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I'm restructuring my model of entities, components and systems, where entities are:

const createEntity = (name, components) => ({
    id: genUniqueId(),
    name: name,
    components: components
});

And I came across a question, and would like to hear someone's experience about it. The question is what are the advantages and disadvantages of each of the following implementation approaches:

1 - Implement all entities in a single global object, and traverse this object by applying the systems in each entity, example:

const entities = {};
for(let key in entities)
    for(let system of systems)
       system(entities[key]);

2 - Create several global variables for each group that the systems serve, example:

const players = {};
const monsters = {};
const clouds = {};

for(let key in players)
       systems['input'](players[key]);

for(let key in monsters)
       systems['simpleAI'](monsters[key]);

for(let key in clouds)
       systems['wind'](clouds[key]);

3 - Create local variables within the systems to store the entities, and functions for each system to add and remove entities from their internal objects, example:

const windSystem = () => {
    const clouds = {};
    for(let key in clouds)
       ...
};

const addEntityInWindSystem = () => {...};
const delEntityInWindSystem = () => {...};

My intention with the question is just to look for other solutions or even understandings about the cons and advantages that each implementation can bring me during development.

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  • \$\begingroup\$ One con is that this isn't a true ECS in that systems can't overlap. Suppose you have a system that processes entities with movement. That should process every entity with movement, not just clouds or monsters or players. You're missing the component part of the ECS. \$\endgroup\$ – clabe45 Sep 17 '18 at 19:10
  • \$\begingroup\$ Also, what does the redefined clouds constant do in windSystem? I can't remember, but I think that will raise a duplicate declaration error, because you already have it defined in the global scope. \$\endgroup\$ – clabe45 Sep 17 '18 at 19:12
  • 1
    \$\begingroup\$ @clabe45 There are 3 different implementations, not 3 parts of the same implementation. I agree that this would get away from the ECS, only the first one would be ECS, but then what other ways do I have to do? \$\endgroup\$ – PerduGames Sep 17 '18 at 19:50
  • \$\begingroup\$ Sorry I don't understand your question. \$\endgroup\$ – clabe45 Sep 17 '18 at 19:57
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Sander's answer mentioned families, and I wanted to add some info:

  • Families group entities together based on component criterion.
  • Usually, a system has one family that forms its entity list.
  • Entities can be added to the system/family when they are added to the game engine, and when the system itself is added to the game engine.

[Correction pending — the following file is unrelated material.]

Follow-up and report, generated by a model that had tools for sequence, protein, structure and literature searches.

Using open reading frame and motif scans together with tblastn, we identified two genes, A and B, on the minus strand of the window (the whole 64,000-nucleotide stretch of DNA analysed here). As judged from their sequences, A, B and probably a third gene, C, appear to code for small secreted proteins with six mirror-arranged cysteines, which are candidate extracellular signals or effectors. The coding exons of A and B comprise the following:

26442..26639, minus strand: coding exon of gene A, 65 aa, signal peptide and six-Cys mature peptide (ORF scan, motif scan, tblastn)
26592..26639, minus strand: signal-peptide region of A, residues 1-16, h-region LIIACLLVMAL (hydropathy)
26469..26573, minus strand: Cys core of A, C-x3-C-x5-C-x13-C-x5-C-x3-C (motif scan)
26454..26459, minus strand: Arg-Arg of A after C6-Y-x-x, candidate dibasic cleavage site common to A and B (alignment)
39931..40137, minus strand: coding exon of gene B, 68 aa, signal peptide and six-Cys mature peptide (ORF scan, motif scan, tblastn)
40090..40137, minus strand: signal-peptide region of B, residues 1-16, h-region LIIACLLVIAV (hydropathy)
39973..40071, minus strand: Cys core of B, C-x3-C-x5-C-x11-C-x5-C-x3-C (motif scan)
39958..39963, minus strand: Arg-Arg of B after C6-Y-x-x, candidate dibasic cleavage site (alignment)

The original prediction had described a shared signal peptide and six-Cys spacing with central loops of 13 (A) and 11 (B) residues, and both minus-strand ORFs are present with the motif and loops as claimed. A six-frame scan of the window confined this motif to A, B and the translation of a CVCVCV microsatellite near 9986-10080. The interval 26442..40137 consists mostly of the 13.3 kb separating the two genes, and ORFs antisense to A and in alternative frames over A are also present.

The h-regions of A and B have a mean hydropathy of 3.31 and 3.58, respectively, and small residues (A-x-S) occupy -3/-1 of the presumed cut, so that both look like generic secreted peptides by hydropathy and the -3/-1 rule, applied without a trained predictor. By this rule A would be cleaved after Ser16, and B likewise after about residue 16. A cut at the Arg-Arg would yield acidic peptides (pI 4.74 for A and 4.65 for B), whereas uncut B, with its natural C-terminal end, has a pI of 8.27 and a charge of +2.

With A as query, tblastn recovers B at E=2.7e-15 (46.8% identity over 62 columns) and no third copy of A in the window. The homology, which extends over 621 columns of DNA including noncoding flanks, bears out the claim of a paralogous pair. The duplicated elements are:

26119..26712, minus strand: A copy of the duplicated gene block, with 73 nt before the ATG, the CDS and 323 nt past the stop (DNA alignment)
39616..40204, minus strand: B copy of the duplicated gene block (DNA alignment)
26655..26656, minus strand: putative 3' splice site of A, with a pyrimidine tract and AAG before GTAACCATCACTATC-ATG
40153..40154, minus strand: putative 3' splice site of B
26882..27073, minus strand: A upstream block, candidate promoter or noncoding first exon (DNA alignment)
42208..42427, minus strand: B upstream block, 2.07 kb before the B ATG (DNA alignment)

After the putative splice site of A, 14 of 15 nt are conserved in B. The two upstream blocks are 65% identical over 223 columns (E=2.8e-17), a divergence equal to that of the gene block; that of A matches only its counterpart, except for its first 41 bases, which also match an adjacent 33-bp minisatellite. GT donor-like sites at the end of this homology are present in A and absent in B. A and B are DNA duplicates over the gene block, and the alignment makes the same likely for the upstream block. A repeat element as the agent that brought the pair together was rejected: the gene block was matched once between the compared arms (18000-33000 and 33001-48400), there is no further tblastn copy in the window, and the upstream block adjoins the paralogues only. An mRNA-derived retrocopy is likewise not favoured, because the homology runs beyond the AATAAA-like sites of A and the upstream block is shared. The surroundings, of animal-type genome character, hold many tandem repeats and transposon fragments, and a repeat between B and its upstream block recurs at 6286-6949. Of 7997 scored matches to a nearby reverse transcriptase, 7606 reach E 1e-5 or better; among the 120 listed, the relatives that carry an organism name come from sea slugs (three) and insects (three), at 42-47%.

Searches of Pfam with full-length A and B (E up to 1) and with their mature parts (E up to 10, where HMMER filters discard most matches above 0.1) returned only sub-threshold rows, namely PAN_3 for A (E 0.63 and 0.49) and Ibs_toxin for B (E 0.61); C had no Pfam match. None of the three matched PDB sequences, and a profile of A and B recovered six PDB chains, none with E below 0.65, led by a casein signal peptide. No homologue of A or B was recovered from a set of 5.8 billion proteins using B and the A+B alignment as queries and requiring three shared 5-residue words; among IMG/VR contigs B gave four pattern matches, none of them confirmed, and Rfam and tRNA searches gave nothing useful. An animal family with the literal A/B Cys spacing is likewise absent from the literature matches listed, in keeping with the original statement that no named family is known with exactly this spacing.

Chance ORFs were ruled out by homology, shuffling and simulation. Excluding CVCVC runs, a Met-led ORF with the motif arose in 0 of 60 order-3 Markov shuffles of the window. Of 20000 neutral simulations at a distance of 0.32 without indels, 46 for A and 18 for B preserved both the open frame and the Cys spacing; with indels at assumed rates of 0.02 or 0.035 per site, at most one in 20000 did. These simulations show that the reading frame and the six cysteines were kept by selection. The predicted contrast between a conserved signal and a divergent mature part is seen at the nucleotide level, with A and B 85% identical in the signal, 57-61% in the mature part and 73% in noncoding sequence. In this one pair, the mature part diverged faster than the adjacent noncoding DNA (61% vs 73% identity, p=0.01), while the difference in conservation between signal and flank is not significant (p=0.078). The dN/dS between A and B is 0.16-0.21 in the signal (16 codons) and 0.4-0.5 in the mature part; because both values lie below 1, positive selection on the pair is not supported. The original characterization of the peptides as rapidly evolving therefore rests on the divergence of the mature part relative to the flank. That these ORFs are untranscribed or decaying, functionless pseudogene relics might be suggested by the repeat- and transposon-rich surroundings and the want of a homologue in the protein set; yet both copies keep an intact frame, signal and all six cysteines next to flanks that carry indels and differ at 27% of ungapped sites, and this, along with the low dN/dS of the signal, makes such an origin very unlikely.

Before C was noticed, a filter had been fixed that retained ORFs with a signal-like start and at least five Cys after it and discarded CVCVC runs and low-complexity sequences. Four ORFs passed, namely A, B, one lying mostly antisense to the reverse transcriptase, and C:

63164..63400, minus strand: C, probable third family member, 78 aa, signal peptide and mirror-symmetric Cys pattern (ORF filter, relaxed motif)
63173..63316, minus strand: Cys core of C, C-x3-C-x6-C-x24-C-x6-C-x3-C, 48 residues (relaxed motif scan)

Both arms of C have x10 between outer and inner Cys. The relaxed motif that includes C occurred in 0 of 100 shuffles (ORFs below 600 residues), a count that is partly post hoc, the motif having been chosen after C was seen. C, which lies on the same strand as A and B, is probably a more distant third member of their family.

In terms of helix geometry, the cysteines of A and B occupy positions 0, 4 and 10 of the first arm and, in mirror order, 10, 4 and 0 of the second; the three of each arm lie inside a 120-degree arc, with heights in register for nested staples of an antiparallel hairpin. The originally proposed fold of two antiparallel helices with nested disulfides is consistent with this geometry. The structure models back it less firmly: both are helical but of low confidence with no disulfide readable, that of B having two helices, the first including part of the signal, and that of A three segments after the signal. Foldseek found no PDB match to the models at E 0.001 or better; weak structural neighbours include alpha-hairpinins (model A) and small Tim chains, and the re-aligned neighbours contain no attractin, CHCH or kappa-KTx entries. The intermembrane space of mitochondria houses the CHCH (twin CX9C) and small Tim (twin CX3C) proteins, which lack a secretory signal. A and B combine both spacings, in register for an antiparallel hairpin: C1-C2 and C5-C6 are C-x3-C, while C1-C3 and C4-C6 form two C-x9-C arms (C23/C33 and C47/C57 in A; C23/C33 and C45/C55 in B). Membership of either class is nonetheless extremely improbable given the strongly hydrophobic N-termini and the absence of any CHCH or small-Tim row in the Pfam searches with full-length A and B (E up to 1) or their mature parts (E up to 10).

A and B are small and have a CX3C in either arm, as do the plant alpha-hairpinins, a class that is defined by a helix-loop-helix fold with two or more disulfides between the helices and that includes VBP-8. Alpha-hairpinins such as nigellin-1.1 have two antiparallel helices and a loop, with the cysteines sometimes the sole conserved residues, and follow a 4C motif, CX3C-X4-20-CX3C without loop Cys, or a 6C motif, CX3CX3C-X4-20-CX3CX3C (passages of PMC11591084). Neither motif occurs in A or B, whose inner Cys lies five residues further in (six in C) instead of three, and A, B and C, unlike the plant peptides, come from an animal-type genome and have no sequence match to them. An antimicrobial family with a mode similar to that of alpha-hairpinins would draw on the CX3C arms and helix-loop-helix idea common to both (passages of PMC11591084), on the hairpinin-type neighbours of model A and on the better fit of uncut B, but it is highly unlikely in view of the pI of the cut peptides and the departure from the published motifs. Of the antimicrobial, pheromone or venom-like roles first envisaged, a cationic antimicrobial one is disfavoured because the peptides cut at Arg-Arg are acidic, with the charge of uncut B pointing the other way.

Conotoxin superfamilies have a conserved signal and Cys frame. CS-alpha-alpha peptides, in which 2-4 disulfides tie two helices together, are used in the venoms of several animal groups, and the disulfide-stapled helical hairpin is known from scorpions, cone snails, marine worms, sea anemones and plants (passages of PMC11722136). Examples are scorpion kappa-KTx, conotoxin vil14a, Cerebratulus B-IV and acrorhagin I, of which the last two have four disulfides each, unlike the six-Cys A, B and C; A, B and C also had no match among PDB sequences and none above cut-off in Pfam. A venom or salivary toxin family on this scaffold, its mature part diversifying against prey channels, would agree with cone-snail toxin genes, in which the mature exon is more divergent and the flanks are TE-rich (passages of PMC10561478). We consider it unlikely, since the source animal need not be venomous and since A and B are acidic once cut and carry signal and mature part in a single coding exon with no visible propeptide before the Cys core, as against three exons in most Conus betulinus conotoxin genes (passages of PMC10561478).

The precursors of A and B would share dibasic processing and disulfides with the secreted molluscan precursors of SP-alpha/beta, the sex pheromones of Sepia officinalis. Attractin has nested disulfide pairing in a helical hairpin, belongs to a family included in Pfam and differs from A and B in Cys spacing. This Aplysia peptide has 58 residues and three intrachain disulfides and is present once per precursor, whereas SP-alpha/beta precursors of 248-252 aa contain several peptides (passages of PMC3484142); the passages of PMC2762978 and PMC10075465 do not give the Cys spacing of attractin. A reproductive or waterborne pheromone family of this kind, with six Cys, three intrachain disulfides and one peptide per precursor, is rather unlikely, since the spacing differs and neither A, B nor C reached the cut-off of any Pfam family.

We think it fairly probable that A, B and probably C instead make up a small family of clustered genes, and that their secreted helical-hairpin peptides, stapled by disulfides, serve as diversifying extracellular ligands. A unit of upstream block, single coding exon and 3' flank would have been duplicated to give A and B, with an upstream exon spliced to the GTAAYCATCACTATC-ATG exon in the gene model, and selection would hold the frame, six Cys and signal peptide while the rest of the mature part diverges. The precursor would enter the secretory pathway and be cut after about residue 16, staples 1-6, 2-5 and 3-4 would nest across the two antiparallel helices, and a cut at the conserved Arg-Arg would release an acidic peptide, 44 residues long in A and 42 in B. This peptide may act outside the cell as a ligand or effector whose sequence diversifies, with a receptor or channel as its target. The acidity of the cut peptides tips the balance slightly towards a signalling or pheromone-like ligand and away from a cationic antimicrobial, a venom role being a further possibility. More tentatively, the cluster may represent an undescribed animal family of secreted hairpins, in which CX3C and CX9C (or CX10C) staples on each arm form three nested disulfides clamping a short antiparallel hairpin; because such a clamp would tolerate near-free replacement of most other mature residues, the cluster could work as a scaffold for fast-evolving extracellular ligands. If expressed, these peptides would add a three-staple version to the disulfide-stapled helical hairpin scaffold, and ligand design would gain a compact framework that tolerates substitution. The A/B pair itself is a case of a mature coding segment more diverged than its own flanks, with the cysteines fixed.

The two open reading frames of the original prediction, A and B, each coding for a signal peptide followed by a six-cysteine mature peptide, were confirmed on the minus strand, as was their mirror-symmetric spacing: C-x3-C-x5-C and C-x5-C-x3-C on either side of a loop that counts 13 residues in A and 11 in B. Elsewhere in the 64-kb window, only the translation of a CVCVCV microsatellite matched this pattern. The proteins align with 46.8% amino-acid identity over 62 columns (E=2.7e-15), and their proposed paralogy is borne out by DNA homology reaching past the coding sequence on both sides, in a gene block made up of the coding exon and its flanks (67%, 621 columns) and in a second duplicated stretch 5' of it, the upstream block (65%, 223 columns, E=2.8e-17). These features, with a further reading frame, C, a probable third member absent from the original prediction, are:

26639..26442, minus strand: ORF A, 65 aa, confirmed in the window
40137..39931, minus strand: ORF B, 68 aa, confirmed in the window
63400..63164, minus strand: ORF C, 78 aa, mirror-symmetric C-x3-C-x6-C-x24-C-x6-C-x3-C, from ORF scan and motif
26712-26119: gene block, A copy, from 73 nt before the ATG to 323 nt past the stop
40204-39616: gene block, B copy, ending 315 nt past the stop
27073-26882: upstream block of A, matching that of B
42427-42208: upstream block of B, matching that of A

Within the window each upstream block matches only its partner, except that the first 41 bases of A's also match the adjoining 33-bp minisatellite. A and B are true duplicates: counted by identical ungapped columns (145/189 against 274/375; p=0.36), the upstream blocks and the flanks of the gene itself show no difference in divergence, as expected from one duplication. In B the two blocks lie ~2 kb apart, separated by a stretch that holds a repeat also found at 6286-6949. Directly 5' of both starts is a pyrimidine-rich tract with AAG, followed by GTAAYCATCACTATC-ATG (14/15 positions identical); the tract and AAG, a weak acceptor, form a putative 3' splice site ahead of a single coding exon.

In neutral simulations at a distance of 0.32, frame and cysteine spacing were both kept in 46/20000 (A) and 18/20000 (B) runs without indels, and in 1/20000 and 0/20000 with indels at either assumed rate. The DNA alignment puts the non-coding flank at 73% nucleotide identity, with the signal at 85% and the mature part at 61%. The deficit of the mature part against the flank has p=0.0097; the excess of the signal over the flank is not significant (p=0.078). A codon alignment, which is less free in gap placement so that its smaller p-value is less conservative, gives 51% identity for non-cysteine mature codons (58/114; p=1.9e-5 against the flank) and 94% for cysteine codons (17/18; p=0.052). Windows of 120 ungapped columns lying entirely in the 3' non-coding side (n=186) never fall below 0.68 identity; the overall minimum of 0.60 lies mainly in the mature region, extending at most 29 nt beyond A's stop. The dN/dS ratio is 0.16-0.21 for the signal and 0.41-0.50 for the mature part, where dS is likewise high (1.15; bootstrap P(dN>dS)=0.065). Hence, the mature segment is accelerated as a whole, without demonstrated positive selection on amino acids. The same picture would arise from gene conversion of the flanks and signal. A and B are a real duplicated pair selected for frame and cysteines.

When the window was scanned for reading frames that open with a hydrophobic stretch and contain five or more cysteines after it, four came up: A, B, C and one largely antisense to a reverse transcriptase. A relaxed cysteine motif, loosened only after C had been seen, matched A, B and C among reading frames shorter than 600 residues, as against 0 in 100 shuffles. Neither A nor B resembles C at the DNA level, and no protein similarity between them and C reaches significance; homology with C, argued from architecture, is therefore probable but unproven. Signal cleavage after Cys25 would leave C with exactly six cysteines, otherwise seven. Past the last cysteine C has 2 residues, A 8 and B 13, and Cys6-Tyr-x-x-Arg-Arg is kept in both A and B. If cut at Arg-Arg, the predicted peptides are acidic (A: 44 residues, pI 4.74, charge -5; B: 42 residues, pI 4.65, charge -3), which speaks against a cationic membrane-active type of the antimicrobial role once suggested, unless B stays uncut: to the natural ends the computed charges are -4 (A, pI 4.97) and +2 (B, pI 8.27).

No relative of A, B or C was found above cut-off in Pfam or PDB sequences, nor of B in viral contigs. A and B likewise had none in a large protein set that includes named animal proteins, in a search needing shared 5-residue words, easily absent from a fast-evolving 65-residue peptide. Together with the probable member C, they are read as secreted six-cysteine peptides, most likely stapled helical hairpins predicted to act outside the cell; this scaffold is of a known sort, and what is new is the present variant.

Here's a basic working implementation: (I normally don't write code for people, but this is best illustrated in a working example)

class Engine {
  constructor() {
    this.systems = [];
    this.entities = [];
  }

  process() {
    this.systems.forEach(system => { system.process(system.family.getEntities()) });
  }
}

class System {
  constructor(family) {
    this.family = family;
  }

  process() {}
}

class Family {
  constructor(engine, all=[], one=[], none=[]) {
    this.all = all;   // entity must have all of these components
    this.one = one;   // entity must have at least one of these
    this.none = none; // entity must have none of these
    this.engine = engine;
  }

  matches(entity) {
    let entityComponents = entity.components.map(comp => comp.constructor);  // get constructors
    let allPassed = this.all.every(comp => entityComponents.includes(comp));
    let onePassed = !this.some || this.one.some(comp => entityComponents.includes(comp)); // if there are no 'one's, it passed (you don't need this with Array.every)
    let nonePassed = entityComponents.every(comp => !this.one.includes(comp));
    return allPassed && onePassed && nonePassed;
  }

  getEntities() {
    return this.engine.entities.filter(entity => this.matches(entity));
  }
}

class Entity {
  constructor() {
    this.components = [];
    this.id = Entity.nextId;
    Entity.nextId++;
  }
  getComponent(constr) {
    for (let i=0; i<this.components.length; i++) {
      if (this.components[i].constructor === constr) return this.components[i];
    }
    return null;
  }
  toString() { return `Entity-${this.id}`; }
}
Entity.nextId = 1;

// --- sample usage ---
// no need to subclass a `Component` class, because you need to call `super`, and it's pretty useless to have to do for every component type
class HealthComponent {
  constructor(initial) {
    this.health = initial;
  }
}

class HealthSystem extends System {
  constructor(engine) {
    super(new Family(engine, [HealthComponent]));
  }

  process(entities) {
    entities.forEach(entity => {
      if (entity.getComponent(HealthComponent).health <= 0) console.log(entity + " died");
    });
  }
}

let engine = new Engine();
engine.systems.push(new HealthSystem(engine));